Monday, December 19, 2005


Watching cricket being played in India brings a different set of visual impressions than watching cricket in Australia. The light is different for one. Indian games are played in the winter, and typically start under the heavy, hazy light so typical of that time of the year. Australian games are played in the summer and take place in bright, bleach-your-body-bone-white kind of light. Indian games end in poor light, typically with multiple checks by the umpire, much conferring with batsmen, and the final walk-off an inevitable occurrence. Australian games rarely end in poor light - it is the summer after all. Despite all the talk about the liveliness of Indian crowds, it is the Australian crowds that are more lively for most of the day (and certainly more balanced - its hard to get an Indian crowd to clap for boundaries by the opposing team's batsmen!). Australian crowds fade late in the day as the beer and heat kicks in. At that point, dehydrated legions of young men sink to their knees in the stands and can only summon the odd hoarse "onya Warnie!".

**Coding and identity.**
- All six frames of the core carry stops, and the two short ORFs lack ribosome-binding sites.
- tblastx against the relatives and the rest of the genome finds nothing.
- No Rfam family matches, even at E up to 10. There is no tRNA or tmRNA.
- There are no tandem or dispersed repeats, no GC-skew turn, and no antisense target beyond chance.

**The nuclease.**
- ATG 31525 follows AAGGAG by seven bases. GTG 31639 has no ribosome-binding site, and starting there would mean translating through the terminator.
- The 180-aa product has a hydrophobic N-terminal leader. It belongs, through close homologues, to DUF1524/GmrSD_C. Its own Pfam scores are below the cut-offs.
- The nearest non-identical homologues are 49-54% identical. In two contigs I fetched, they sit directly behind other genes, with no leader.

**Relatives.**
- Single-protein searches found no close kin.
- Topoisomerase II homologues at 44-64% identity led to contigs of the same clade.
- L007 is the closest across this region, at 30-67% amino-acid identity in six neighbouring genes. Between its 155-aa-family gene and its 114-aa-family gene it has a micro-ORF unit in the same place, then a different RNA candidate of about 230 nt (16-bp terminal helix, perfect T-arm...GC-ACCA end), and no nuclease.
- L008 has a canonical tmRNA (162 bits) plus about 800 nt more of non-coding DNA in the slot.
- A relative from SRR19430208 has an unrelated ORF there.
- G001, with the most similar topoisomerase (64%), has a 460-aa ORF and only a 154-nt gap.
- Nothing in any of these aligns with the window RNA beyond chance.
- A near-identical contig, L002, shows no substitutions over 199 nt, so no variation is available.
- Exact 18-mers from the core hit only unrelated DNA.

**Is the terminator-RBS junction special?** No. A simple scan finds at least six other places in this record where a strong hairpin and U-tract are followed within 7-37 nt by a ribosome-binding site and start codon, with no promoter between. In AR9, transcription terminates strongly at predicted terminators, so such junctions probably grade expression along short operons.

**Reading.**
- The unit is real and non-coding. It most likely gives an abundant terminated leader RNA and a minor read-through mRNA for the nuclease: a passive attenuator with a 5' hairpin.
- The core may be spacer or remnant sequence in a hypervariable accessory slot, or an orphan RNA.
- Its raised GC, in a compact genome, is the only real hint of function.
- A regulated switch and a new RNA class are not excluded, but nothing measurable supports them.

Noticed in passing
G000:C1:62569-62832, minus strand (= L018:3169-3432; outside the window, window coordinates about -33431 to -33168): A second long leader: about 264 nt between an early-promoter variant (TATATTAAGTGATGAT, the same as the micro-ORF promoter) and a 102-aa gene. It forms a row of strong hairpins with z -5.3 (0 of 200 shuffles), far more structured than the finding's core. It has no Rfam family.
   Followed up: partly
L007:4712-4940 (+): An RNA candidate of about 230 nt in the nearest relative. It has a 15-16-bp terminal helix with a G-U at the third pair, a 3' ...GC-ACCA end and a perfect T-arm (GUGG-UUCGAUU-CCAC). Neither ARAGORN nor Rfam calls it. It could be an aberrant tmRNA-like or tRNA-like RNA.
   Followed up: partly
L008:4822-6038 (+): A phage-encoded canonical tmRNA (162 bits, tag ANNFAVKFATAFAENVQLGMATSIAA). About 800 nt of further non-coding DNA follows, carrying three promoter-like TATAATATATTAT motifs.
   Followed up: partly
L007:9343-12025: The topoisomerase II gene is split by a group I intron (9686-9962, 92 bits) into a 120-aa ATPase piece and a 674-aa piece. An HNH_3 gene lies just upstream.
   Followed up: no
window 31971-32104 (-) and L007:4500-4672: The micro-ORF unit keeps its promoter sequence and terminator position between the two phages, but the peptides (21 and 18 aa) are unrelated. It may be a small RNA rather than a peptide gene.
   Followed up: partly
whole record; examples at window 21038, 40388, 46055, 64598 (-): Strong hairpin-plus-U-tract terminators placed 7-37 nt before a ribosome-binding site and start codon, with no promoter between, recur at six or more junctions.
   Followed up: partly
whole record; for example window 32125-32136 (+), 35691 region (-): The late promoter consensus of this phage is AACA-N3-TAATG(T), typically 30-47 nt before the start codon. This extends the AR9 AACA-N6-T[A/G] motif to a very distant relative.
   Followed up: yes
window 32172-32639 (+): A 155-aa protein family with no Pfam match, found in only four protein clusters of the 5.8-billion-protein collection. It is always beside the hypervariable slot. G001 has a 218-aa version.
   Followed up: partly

But perhaps the biggest difference is watching Indian spinners go at it late in the day. Multiple fielders clustered around the bat in the gloom, (but not backed up by large crowds because those don't seem to go to watch test cricket any more), appealing on every second ball, hoping to trigger off yet another collapse. Doesn't seem to happen on Australian grounds (the Indian spinner bit that is).

Ironically, of course, I've seen more test cricket live in Australia (on more grounds, against more teams) than I have in India. Thats what I get for not living in India (or in Australia for that matter).


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